I still use Myspace but it's only purpose is to participate in a group on there called Myspace Deists. Don't let the name fool ya, it's got a good collection of people that were Deists at one time but have slowly become Atheists.

I still participate in discussions there and there are a few new members that don't exactly enjoy the presence of so many non-believers.

So, the point here is that earlier tonight I responded to a statement made by one of the deists there that tried to use a quote from Thomas Edison to support his belief. The Edison quote goes like this:

If I find 10, 000 ways something won’t work, I haven’t failed. I am not discouraged, because every wrong attempt discarded is another step forward.

Yes, he was trying to use the absence of proof as proof. For me, personally, and I think many atheists think on the same page, there is no way to prove the existence of god. The more I thought about what this guy was saying and thinking of different ways to counter his failure of logic, the more I realized that what he said is a reflection of how I stopped being a deist.

There is a wealth of information that science and observation can say about god, or rather, what god isn't. Using his own logic, we can, I'm sure, find 10,000 things about the universe that could serve as a chalk-outline of god, by showing what god isn't.

God isn't moral
God isn't human
God isn't a quantifiable force
God isn't all knowing
God isn't all powerful
God isn't ...

The list can go on and on. When you're done with defining logically and empirically what god isn't, you're left with a sliver, a word that has no meaning, a concept that has no relevance to the workings of the universe.

If you're a deist, what does your heart say? What is there left to believe in? Why believe in anything? Will this impotent deistic god even care if you don't believe in it anymore?

Views: 22

Comment by Godless Girl on June 10, 2009 at 12:54am
The smaller and smaller one's possible understanding of a deity becomes, the more likely that person will eventually recognize that there is probably nothing there at all. I enjoyed reading your thoughts, especially since you're speaking out of personal experience.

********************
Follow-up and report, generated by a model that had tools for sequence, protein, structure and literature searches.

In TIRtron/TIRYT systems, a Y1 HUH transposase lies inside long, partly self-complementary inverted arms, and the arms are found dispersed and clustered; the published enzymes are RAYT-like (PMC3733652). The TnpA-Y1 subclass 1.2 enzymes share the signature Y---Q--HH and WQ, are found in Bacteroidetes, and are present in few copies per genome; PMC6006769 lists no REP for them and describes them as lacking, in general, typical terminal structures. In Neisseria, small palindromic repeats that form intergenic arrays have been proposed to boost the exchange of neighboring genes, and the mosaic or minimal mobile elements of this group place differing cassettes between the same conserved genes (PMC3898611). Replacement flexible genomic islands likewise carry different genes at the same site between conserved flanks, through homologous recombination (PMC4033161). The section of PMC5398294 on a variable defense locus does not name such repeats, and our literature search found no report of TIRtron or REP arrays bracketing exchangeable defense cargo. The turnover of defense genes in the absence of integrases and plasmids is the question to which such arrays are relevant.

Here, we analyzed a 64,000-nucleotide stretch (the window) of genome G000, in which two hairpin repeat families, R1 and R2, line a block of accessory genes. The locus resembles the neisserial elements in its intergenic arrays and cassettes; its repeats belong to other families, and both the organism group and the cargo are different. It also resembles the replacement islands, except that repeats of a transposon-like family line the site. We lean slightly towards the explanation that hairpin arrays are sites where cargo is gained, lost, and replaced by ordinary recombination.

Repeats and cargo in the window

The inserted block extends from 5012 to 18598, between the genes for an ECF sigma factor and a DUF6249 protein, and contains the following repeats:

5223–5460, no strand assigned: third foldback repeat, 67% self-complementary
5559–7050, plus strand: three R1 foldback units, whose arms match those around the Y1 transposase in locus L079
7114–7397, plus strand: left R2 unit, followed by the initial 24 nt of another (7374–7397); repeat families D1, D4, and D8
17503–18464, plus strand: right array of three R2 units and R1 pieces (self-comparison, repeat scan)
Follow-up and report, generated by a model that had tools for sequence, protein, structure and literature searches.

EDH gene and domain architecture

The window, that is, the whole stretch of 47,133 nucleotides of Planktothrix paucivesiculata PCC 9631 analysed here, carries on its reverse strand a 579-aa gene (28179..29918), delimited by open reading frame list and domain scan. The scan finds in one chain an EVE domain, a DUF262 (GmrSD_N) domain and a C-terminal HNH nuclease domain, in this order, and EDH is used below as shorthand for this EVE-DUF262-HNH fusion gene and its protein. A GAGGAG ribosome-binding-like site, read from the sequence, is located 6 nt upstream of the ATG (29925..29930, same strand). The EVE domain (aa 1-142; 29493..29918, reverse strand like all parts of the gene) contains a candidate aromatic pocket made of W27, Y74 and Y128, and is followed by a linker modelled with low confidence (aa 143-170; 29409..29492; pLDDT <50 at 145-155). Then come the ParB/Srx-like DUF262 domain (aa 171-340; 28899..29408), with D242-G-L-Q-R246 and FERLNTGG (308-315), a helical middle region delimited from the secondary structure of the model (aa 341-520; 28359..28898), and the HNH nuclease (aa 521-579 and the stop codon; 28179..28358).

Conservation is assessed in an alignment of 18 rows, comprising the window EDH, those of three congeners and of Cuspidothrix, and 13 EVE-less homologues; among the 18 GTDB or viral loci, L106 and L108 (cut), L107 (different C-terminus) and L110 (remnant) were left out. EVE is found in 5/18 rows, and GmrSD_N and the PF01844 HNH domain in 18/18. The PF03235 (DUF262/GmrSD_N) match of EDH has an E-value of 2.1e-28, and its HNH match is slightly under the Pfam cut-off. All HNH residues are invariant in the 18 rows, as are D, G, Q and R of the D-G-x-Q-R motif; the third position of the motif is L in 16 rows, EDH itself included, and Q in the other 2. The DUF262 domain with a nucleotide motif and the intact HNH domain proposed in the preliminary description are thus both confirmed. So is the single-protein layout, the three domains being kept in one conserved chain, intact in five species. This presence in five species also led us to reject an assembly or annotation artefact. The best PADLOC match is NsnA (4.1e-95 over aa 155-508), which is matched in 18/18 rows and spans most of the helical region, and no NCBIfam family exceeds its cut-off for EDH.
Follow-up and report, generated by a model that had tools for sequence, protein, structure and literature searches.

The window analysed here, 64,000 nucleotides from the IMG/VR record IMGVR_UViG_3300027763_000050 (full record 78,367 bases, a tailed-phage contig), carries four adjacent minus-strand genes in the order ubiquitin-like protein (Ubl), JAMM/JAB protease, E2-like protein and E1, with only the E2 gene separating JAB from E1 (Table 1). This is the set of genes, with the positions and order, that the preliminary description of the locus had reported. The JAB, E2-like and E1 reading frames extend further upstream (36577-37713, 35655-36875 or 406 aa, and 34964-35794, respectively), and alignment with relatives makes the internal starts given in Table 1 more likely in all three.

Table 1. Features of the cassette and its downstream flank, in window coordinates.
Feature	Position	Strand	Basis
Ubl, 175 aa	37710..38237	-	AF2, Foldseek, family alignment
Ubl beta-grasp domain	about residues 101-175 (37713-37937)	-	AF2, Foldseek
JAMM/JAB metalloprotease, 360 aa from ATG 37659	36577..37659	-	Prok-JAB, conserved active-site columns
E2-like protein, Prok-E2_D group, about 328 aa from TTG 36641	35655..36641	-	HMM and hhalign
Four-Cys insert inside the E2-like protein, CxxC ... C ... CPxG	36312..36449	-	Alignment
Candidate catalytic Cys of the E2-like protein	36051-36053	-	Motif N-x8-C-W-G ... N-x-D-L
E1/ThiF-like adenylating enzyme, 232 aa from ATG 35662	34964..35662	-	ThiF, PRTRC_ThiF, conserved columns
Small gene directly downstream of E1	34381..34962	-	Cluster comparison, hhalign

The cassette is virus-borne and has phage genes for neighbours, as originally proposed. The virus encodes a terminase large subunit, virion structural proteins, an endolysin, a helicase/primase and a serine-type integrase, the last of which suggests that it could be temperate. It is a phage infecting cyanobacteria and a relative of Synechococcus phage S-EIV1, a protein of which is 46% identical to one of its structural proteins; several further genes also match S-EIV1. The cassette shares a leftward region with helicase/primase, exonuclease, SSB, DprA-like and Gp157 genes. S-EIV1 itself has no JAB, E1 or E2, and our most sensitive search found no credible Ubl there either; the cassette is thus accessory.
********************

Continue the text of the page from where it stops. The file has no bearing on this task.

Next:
Comment by Reggie on June 10, 2009 at 12:57am
Isn't a deist just a sociable atheist? As you point out, the deistic god either doesn't care, doesn't interfere, is dead, or any combination of the three. Why even bother with deism unless you just don't want to deal with the stigma associated with atheism among a religious majority? Why not also worry about the incorporeal dragon living in Carl Sagan's garage?
Comment by Jim Valentine on June 10, 2009 at 1:25am
Good questions Reggie. Here's the answer: The people that I have befriended that were deists were just beginning to take on the responsibility of actively seeking the truth out of reality. Some deists stop thinking about it once they get to deism. To them, I share this quote that I found earlier today: "The recipe for perpetual ignorance is: be satisfied with your opinions and content with your knowledge"

Here's yet another quote from another friend of mine, one who recently outted himself as an atheist in my deist group. Him and I had some really good discussions in this group and had become one of my closer friends in that group. Here's his progression:

Irrational faith ---> Intense study, comparison and review ---> Reasonable deduction ---> Loss of faith ---> Intense study, comparison and review ---> Reasonable deduction --->Rejection of all religious authority ---> Intense study, comparison and review ---> Reasonable deduction --->Adherence to Deism ---> Intense study, comparison and review ---> Reasonable deduction ---> Atheism is the only tenable position.